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Motion to compel further answers to requests for admission in California

A motion to compel further answers to requests for admission in California is the topic of this blog post.

This motion to compel is authorized by Code of Civil Procedure section 2033.290.

The motion is similar to most other motions to compel in California in that a separate statement must be concurrently filed and served as required pursuant to California Rule of Court 3.1345. The separate statement must contain each request for admission, each response, and the basis for a further response.

Code of Civil Procedure section 2033.290(a) states in pertinent part that, ”On receipt of a response to requests for admission, the propounding party may move for an order compelling a further response if the party deems that any of the following apply: (1) an answer to a particular requests is evasive or incomplete.(2) An objection to a request is without merit or too general. “

“The motion must be accompanied by a meet and confer declaration under 2016.40.”  See Code of Civil Procedure section 2033.290(b).

It is good practice to combine the sending of meet and confer letters (at least two) with telephone calls with the responding party or their counsel as some Judges will deny motions to compel if they feel that the moving party did not make a reasonable good faith effort to meet and confer to avoid the need for judicial intervention.

And the motion to compel must be filed within 45 days of service of the responses or the party waives any right to compel further responses unless both the requesting and responding party have agreed in writing to extend the time to file any motion to compel.

Code of Civil Procedure section 2033.290(c) states that, “Unless notice of this motion is given within 45 days of the service of the verified response, or any supplemental verified response, or any specific later date to which the requesting party and the responding party have agreed in writing, the requesting party waives any right to compel further response to the requests for admission.

Monetary sanctions are mandatory except in specified situations.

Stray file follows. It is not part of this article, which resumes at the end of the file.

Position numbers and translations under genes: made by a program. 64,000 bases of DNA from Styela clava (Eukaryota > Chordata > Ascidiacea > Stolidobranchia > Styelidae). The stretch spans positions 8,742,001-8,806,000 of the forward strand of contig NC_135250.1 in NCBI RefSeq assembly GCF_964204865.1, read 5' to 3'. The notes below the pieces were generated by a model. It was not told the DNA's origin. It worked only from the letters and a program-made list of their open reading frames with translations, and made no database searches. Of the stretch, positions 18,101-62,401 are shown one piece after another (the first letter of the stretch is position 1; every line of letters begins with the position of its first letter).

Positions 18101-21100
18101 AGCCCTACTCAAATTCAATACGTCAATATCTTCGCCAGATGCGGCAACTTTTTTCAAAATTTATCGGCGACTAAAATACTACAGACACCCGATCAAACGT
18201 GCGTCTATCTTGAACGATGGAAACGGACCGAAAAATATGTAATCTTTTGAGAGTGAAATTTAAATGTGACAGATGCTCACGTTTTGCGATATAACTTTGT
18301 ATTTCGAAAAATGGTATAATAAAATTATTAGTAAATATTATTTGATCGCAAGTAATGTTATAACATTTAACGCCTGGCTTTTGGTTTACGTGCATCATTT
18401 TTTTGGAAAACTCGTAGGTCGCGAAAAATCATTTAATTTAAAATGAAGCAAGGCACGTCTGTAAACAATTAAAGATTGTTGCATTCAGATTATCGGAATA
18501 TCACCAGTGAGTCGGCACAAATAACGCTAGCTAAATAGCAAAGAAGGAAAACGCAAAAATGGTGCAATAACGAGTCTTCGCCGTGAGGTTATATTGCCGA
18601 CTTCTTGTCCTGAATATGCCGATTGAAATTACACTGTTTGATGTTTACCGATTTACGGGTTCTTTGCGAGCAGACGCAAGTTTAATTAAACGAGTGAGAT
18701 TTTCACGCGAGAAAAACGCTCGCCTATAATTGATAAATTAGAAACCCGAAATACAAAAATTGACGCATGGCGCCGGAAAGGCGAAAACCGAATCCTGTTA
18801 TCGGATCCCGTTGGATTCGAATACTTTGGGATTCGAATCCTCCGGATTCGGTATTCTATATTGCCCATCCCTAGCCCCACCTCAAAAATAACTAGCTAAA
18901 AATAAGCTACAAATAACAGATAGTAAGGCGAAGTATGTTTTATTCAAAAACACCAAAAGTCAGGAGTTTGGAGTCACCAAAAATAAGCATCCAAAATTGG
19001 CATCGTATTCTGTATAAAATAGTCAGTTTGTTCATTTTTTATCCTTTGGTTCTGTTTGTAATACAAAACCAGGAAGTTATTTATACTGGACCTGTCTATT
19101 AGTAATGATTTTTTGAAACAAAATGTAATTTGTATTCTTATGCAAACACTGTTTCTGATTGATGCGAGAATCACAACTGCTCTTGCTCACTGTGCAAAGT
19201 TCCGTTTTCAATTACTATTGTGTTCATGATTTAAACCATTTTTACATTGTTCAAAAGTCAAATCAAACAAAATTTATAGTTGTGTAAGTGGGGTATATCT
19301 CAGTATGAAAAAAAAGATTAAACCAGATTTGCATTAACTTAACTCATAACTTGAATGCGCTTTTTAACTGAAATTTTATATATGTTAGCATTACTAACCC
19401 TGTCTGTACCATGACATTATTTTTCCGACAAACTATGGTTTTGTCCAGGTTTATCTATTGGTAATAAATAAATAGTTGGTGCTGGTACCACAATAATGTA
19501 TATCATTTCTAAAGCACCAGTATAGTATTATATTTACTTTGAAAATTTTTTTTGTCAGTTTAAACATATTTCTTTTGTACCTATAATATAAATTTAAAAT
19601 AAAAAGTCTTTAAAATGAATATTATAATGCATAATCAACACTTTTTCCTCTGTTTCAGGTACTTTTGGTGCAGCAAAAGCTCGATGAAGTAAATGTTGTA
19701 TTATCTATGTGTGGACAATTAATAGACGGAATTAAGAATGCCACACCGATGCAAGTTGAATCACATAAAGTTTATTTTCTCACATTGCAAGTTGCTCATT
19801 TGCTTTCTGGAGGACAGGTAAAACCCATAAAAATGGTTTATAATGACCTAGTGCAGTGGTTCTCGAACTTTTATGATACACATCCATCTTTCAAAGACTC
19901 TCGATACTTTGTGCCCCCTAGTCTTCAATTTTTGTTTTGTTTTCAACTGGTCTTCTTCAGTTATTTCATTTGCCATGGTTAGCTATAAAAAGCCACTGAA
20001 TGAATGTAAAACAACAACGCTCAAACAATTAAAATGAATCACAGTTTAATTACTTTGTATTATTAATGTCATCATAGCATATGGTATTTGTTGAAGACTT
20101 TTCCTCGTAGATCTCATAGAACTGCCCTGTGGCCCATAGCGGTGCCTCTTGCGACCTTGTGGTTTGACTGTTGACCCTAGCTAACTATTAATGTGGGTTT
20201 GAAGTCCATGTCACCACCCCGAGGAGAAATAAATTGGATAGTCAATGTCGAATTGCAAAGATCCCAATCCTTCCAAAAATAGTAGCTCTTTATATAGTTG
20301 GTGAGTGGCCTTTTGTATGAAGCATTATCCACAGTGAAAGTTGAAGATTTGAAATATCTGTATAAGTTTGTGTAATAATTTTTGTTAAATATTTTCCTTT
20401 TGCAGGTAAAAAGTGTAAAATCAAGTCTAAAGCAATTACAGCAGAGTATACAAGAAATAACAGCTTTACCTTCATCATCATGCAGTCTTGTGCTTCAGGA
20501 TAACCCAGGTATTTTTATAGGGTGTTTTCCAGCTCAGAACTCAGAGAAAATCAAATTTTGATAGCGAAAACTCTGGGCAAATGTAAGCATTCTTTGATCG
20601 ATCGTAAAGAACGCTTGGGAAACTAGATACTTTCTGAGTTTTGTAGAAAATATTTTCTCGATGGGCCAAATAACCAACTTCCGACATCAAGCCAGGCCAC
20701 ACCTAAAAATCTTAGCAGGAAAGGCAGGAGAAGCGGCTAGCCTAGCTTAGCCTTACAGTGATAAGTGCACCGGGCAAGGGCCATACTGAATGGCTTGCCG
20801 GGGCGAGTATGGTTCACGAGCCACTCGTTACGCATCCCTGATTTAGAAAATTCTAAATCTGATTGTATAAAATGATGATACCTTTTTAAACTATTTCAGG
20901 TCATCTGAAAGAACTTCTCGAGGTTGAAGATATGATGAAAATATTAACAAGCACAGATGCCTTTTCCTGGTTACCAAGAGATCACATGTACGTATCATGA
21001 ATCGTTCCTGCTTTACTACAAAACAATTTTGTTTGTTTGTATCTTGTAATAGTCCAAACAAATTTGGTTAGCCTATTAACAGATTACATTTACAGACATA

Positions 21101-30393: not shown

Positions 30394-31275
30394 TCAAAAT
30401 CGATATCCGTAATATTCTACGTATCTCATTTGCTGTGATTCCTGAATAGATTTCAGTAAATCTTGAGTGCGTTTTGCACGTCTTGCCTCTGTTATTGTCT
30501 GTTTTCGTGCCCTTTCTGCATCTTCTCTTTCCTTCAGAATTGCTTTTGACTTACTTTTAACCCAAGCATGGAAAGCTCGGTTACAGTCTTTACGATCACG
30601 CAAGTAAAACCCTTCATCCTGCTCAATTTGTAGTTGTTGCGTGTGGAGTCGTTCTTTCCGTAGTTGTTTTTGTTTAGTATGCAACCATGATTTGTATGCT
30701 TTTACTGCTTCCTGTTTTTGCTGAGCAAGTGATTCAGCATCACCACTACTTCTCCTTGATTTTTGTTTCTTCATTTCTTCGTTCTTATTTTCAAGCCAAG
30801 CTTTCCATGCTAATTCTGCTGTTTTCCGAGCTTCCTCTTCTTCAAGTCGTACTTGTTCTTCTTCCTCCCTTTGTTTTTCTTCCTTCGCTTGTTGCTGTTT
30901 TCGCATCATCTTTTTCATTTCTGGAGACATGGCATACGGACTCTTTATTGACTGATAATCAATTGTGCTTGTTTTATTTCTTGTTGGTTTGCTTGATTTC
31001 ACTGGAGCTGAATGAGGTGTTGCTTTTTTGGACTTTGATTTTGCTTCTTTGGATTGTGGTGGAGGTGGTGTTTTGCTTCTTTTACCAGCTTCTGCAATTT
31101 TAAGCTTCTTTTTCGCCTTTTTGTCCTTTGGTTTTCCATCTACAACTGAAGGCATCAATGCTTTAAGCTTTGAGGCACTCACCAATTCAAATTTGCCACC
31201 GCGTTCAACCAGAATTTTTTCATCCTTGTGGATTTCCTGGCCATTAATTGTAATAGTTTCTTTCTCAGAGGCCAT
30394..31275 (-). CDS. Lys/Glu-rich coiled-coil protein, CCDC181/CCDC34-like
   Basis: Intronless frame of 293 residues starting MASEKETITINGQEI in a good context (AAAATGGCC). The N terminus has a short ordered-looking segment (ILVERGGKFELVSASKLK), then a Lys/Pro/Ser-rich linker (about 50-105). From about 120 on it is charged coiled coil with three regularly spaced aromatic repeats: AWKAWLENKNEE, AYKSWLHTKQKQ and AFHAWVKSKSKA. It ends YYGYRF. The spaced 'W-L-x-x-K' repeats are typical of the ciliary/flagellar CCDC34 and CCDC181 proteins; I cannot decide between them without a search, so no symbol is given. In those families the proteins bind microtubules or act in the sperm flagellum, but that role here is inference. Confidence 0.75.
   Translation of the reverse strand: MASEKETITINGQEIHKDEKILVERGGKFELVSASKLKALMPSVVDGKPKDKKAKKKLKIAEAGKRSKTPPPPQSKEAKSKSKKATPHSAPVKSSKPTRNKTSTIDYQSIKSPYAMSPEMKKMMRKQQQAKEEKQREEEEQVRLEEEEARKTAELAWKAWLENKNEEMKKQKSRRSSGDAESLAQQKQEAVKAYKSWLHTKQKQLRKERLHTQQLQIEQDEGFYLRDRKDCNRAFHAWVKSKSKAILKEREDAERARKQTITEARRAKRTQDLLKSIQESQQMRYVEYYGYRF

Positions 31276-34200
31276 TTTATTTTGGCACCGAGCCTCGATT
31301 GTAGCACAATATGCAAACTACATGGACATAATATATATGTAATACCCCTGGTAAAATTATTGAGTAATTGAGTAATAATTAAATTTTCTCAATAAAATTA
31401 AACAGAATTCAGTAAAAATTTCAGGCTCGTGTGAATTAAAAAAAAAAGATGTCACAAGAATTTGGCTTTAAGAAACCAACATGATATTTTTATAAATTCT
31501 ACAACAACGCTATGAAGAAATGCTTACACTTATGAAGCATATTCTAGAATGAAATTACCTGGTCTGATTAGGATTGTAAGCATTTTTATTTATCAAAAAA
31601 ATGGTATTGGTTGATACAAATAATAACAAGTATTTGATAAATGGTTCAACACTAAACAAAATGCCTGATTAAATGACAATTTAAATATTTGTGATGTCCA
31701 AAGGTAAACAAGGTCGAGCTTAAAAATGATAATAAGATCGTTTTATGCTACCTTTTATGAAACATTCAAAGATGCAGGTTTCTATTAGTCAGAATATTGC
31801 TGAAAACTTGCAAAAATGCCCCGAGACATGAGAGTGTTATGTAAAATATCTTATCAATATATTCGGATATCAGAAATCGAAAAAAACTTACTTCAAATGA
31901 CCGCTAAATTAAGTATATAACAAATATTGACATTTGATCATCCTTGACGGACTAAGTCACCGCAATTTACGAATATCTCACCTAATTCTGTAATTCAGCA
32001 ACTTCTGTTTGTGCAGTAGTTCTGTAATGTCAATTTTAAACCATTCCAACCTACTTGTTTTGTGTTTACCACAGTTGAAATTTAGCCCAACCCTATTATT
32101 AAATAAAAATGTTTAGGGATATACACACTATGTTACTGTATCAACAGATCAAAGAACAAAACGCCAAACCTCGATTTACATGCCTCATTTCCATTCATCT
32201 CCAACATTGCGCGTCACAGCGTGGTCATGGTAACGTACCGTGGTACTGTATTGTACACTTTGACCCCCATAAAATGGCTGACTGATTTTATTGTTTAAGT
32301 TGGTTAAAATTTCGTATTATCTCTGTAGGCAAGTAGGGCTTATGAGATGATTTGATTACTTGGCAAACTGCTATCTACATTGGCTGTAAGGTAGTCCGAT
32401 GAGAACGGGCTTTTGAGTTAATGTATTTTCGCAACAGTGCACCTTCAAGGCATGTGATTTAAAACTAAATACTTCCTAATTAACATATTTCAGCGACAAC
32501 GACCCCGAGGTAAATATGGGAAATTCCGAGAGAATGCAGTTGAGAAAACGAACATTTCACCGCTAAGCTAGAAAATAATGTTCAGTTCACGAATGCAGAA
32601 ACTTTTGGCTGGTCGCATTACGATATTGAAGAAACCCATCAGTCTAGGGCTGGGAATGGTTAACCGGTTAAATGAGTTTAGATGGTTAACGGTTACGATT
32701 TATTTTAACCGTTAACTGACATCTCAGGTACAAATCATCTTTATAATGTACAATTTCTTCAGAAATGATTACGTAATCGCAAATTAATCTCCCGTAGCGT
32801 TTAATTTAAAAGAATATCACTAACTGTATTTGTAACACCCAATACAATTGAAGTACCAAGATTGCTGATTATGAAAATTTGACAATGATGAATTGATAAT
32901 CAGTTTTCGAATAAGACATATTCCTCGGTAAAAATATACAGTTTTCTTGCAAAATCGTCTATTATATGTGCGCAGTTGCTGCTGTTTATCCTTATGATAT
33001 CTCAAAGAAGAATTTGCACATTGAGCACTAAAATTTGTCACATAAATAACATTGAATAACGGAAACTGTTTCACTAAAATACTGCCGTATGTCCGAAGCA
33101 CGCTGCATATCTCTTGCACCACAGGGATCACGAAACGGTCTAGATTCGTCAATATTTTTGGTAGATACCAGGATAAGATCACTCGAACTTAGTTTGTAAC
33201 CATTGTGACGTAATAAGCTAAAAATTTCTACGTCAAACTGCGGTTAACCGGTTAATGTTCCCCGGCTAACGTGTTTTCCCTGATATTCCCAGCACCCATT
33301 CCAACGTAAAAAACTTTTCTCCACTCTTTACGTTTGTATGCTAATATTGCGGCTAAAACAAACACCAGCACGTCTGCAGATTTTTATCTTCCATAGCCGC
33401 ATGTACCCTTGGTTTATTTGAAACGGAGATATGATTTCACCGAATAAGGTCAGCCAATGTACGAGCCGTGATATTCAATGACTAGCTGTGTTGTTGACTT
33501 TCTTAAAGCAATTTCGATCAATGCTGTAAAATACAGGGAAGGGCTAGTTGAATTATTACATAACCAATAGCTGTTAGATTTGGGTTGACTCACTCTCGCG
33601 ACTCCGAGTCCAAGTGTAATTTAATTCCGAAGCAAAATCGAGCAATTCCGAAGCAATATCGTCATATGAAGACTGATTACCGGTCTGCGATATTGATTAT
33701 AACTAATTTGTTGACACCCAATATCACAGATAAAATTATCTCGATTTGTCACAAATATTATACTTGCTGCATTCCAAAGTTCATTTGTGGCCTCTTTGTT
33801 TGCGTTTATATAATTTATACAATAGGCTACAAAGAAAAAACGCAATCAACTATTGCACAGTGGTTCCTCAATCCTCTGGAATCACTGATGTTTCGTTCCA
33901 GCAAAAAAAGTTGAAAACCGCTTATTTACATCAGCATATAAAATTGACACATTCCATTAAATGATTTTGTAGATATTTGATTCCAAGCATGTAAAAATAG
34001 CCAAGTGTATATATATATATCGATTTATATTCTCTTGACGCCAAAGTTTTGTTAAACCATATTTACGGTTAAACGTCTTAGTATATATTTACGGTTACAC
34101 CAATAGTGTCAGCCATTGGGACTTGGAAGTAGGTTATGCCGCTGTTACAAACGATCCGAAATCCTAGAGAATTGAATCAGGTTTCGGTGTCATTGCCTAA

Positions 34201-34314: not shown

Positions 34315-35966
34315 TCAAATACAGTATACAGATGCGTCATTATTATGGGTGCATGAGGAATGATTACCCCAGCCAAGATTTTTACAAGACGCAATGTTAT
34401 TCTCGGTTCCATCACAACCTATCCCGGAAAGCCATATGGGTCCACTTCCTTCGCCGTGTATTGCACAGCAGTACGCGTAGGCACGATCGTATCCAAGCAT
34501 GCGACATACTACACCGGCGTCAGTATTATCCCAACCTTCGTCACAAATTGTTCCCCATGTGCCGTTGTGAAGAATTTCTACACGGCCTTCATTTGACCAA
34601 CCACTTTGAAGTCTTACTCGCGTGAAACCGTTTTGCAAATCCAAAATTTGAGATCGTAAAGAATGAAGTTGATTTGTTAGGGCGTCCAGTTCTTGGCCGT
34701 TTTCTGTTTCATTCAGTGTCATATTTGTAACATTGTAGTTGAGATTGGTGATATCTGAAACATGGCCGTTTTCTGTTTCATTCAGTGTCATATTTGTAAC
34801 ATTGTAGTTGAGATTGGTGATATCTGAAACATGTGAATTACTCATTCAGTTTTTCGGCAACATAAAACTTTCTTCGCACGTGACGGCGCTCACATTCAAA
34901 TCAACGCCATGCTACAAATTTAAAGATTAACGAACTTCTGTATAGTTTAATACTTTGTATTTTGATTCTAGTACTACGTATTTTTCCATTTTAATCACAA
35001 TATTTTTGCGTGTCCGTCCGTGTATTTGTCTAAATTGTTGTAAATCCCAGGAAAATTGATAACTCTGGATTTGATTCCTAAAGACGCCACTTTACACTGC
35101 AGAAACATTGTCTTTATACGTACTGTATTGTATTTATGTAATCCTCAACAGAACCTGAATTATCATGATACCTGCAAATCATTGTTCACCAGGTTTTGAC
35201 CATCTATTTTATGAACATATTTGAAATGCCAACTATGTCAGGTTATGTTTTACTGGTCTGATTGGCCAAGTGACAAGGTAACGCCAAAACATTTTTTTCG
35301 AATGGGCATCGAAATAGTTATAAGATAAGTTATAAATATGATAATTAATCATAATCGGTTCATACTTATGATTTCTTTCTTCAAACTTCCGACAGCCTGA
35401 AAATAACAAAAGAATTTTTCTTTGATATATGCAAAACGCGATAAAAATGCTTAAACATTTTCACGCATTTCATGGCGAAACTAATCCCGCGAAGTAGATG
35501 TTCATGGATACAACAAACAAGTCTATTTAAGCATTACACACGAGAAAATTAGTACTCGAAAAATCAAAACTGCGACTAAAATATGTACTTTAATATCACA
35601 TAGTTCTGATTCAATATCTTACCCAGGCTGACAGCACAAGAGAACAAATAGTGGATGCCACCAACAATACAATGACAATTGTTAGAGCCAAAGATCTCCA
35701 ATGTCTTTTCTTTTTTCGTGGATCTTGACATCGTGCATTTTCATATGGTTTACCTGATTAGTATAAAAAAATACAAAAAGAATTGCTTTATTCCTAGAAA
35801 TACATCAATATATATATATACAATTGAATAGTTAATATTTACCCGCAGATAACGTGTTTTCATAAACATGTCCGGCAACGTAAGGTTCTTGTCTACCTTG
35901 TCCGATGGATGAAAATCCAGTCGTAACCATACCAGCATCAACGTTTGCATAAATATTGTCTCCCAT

Code of Civil Procedure section 2033.290(d) states that, “The court shall impose a monetary sanction under Chapter 7 (commencing with Section 2023.010) against any party, person, or attorney who unsuccessfully makes or opposes a motion to compel further response, unless it finds that the one subject to the sanction acted with substantial justification or that other circumstances make the imposition of the sanction unjust.”

Attorneys or parties in California who would like to view a portion of a sample 20 page motion to compel further answers to requests for admission containing brief instructions, a memorandum of points and authorities with citations to case law and statutory authority, separate statement, sample declaration and proof of service by mail sold by the author can see below.

The author of this blog post, Stan Burman, is an entrepreneur and freelance paralegal who has worked in California and Federal litigation since 1995 and has created over 300 sample legal documents for California and Federal litigation.

You can view portions of over 300 sample legal documents for California and Federal litigation at View over 300 sample legal documents for sale

*Do you want to use this article on your website, blog or e-zine? You can, as long as you include this blurb with it: “Stan Burman is the author of over 300 sample legal documents for California and Federal litigation and is the author of a free weekly legal newsletter. You can receive 10 free gifts just for subscribing. Just visit http://freeweeklylegalnewsletter.gr8.com/ for more information.”

Follow the author on Twitter at: https://twitter.com/LegalDocsPro

DISCLAIMER:

Please note that the author of this blog post, Stan Burman is NOT an attorney and as such is unable to provide any specific legal advice. The author is NOT engaged in providing any legal, financial, or other professional services, and any information contained in this blog post is NOT intended to constitute legal advice.

The materials and information contained in this blog post have been prepared by Stan Burman for informational purposes only and are not legal advice. Transmission of the information contained in this blog post is not intended to create, and receipt does not constitute, any business relationship between the author and any readers. Readers should not act upon this information without seeking professional counsel.

 

 

 

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